Beard: Yes, voters get frustrated. We’ve seen this time and time again. Voters get mad when they’re taken for granted, and we see why voters want to implement these redistricting statutes so that they can have a better and more fair say in who represents them.
Nir: One last party favor we need to hand out is to Secretary of State Frank LaRose. Thank you, you magnificent bastard. I mean, he fucked up the Issue 1 campaign for their side so bad. We’ve talked about him before. This is the guy who super explicitly said that Issue 1 was 100%, that was his term, 100%, about stopping the abortion vote in November. And his comments appeared in tons and tons of ads for the “No” side in endless articles about the issue to the point that… Beard, I was looking at the New York Times results page on Tuesday night, and oh God, a lot of the times, the way things will get phrased is that, oh, opponents say that Issue 1 is about trying to thwart abortion rights. But the little summary on the New York Times results page said that the measure, “Was meant to make it harder for voters to pass a November ballot measure that would establish a constitutional right to abortion.” No beating around the bush.
Republicans made it so freaking explicit that this was exactly what they were doing, and LaRose was leading the charge. He really was the number one cheerleader for this. And now he’s heading into this Senate race. He’s trying running against Sherrod Brown. He faces a primary, with this massive failure around his neck, and with any luck, there’ll be a second one added to that necklace in November when abortion passes.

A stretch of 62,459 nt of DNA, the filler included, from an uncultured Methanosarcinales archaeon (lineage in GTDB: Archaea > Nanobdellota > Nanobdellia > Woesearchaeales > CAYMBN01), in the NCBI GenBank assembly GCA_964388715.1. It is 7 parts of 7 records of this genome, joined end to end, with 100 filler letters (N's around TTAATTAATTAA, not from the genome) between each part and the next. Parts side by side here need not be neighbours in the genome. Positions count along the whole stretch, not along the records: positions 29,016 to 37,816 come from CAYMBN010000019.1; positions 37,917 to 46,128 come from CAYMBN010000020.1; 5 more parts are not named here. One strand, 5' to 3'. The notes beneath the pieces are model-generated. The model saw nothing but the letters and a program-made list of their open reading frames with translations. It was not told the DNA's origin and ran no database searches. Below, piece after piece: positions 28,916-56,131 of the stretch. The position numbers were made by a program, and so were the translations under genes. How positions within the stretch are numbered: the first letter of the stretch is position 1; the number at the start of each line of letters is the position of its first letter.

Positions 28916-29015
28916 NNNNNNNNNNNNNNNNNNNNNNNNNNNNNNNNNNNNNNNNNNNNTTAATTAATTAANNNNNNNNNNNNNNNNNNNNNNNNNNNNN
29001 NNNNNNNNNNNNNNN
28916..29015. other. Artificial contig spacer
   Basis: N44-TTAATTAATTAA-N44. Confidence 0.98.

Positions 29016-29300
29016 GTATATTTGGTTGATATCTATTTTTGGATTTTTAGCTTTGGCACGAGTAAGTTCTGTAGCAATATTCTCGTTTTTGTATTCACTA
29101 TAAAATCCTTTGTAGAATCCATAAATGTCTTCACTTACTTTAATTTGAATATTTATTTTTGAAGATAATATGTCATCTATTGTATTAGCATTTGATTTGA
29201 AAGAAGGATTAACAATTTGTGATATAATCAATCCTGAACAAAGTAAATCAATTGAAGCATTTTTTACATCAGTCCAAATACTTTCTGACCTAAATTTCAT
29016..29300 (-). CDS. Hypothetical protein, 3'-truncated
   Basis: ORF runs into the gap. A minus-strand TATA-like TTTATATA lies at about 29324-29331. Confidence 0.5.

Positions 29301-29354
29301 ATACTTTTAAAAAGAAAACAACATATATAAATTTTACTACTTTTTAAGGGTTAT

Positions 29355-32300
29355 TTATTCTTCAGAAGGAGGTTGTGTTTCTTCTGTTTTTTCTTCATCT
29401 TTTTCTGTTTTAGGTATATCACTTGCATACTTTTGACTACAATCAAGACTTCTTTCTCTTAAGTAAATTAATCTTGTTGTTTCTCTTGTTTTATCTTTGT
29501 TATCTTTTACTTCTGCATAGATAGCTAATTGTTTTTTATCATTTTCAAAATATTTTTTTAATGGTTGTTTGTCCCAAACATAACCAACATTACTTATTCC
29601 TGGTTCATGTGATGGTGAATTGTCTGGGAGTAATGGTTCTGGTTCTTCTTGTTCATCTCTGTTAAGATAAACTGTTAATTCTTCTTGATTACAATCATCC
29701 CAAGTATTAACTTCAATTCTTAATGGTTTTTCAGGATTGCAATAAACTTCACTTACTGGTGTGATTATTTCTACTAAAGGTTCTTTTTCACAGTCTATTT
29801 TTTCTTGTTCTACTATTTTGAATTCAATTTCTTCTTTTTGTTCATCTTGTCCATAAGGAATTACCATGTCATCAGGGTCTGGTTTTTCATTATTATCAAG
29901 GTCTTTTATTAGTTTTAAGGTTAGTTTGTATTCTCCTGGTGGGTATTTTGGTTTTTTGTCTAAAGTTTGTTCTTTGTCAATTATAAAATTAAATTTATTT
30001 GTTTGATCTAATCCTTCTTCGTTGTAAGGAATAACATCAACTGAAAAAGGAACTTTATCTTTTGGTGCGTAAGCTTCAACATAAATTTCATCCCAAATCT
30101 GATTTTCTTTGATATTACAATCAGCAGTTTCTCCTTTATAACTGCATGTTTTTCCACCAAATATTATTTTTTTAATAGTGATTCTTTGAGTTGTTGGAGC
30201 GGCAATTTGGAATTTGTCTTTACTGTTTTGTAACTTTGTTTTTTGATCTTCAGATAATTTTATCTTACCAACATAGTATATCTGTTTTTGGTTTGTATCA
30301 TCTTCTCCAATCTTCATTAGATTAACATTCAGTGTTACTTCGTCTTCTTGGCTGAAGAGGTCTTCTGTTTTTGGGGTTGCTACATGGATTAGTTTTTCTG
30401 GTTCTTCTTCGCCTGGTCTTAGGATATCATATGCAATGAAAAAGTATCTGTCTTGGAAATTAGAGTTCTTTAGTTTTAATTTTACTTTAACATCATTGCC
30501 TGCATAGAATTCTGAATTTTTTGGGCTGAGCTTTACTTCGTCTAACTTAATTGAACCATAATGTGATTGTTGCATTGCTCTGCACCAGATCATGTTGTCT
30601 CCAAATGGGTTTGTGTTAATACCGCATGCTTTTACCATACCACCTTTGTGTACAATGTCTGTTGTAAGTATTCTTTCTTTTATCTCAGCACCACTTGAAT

Beard: Yeah. You can blame a lot of the Republican legislators for arrogance and stupidity, but at least they weren’t putting their own careers on the line for this initiative. They were just like, “Sure, whatever. Let’s vote for it.” But Frank LaRose was like, “Hey, I’m going to gamble everything on this,” and defeating this abortion amendment this way or November, it’s pretty unlikely to happen in November. He failed miserably here in August. Now, I almost sort of wish he would get the nomination because he’s clearly so bad at running campaigns, I’m sure Brown could run rings around him, but I assume that he’ll get battered around in the Republican primary pretty easily because he has nothing to show for his time in office except utter failure.